Home Reversion Explained

There are a variety of equity release schemes available to those homeowners who are looking to release part, or even all, of the equity they have invested in their home. Many of these different schemes are customisable and can be used in very unique and innovative ways to help individual homeowners meet their retirement needs. A home reversion plan is one option available to homeowners.

Home reversion plans allow homeowners to sell part or all of their property in exchange for a cash payment. This cash payment is tax free and can be received in a couple of different ways including via a one-time lump sum payment or as income spread out over time. Along with this cash payment(s), the lender providing the home reversion plan also provides a lifetime tenancy agreement which applies to the portion of the property they now own. This amount can be nearly any portion of the home, all the way up to 100%.

There are some unique features that set home reversion plans apart from other equity release schemes:
1. Later Age. Home reversion plans typically commence at a later age than other equity release products. The minimum age for a home reversion plan is usually 65. If the homeowner is ill, this minimum age can reach as low as 60.
2. Terms. Providers of home reversion plans typically offer better terms to older applicants. This can mean that the homeowner is able to receive a larger cash payment than they would with other equity release products.
3. Property Value Increase. For those consumers who only sell of a part of their property, there is still the potential to reap the benefit of increase in property value. These homeowners may find that they want to release more equity from their home, should they still be found eligible.

Home reversion schemes are not very popular when compared to other equity release products. In fact, they only account for about 2% of all equity release schemes in the UK. There are a few different reasons for this seemingly unpopularity. First, if the homeowner dies in the first few years following their home reversion plan, the actual product could end up being a very expensive way to release their cash and equity. Secondly, with home reversion plans, homeowners must relinquish part of the ownership of their home which can make many of them feel uncomfortable.

The amount of cash released to homeowners is determined on an individual basis using a home reversion calculator. This calculator takes into account the valuation of the property in question, as well as the age and sex of the homeowner. Of course, home reversion lenders will also take into account that the homeowner is able to stay living in the property for the rest of their lives, without having to pay any fee or rent. This can often discount the amount of money paid out to the homeowner, depending on the age and life expectancy of that homeowner.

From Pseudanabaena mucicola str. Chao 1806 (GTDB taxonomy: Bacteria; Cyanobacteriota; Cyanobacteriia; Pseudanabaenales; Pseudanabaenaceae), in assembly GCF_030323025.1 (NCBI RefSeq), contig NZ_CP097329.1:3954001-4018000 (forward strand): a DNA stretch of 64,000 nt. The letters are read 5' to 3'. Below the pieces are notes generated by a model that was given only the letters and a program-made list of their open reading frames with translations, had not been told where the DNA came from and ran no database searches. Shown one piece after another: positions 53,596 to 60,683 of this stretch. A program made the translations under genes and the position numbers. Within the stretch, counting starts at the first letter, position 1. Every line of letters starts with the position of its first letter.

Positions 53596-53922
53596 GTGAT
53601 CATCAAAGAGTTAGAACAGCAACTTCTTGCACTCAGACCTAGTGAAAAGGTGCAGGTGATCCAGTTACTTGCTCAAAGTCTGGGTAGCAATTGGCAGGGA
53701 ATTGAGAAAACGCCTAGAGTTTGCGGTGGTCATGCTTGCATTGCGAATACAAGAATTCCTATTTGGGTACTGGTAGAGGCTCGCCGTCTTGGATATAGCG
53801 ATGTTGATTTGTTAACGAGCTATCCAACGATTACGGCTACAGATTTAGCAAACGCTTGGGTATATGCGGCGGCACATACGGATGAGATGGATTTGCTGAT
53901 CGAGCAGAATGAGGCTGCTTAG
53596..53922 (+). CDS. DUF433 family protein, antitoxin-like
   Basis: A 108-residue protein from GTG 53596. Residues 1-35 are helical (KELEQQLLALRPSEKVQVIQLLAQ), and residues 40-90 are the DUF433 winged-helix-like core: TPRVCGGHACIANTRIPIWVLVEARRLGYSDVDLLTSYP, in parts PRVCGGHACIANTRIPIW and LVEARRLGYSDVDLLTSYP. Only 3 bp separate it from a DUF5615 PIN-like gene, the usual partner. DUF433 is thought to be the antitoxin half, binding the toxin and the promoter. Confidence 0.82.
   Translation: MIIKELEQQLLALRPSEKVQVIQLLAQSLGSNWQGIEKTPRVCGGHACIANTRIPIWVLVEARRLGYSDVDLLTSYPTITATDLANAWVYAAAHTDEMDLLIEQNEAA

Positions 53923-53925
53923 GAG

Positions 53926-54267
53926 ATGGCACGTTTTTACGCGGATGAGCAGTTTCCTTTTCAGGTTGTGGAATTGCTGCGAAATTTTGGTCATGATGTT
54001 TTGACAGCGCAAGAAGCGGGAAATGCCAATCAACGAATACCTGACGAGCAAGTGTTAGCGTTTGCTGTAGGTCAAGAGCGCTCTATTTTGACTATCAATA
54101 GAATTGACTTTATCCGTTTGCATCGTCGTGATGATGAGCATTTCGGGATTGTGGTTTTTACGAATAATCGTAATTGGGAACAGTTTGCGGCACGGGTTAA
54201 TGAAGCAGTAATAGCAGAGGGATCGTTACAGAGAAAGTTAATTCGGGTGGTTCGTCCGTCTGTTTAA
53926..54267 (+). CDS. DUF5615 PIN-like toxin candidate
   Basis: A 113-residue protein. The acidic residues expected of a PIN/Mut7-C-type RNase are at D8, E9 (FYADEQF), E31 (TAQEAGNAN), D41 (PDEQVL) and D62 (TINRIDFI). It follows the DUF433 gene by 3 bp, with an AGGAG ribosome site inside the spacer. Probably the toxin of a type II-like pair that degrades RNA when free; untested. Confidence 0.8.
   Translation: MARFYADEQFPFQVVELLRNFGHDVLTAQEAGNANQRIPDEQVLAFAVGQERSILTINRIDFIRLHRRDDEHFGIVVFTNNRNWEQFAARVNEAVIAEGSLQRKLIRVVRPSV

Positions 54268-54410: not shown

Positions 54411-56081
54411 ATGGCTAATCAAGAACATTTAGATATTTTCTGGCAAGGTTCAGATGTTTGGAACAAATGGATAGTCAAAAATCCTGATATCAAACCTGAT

Similar to any financial product, a home reversion scheme comes with both advantages and disadvantages. Choosing whether or not to take out a home reversion plan can require a great deal of thought and careful consideration.

Advantages of a home reversion:
1. Homeowners are not required to sell 100% of their home. They are allowed to sell only a portion.
2. If a homeowner does not sell off 100% of their home, they can save the unsold portion for inheritance purposes.
3. Lenders do not charge interest on the cash paid out to the homeowner
4. There are no regular or monthly payments required. This allows the homeowner to use the cash they receive however they see fit without having to worry about making any regular payments to their lender.
5. Home reversions offer a significant benefit when the economy or housing markets are declining
6. Home reversion fees are typically low
7. High lump sums are available. In fact, the lump sums are typically much larger with home reversion plans than with other equity release products.

Disadvantages of a home reversion:
1. The home is sold at a discount so the homeowner is unable to receive full market value for their property
2. Minimum age is typically 65, unless the homeowner is ill, which can end up being much higher than some other equity release schemes
3. There is limited protection for those homeowners who pass away shortly after taking out their home reversion plans. For these consumers, a major stake in their home has been forfeited.
4. Homeowners cannot reap the benefit of an increase in the value of their property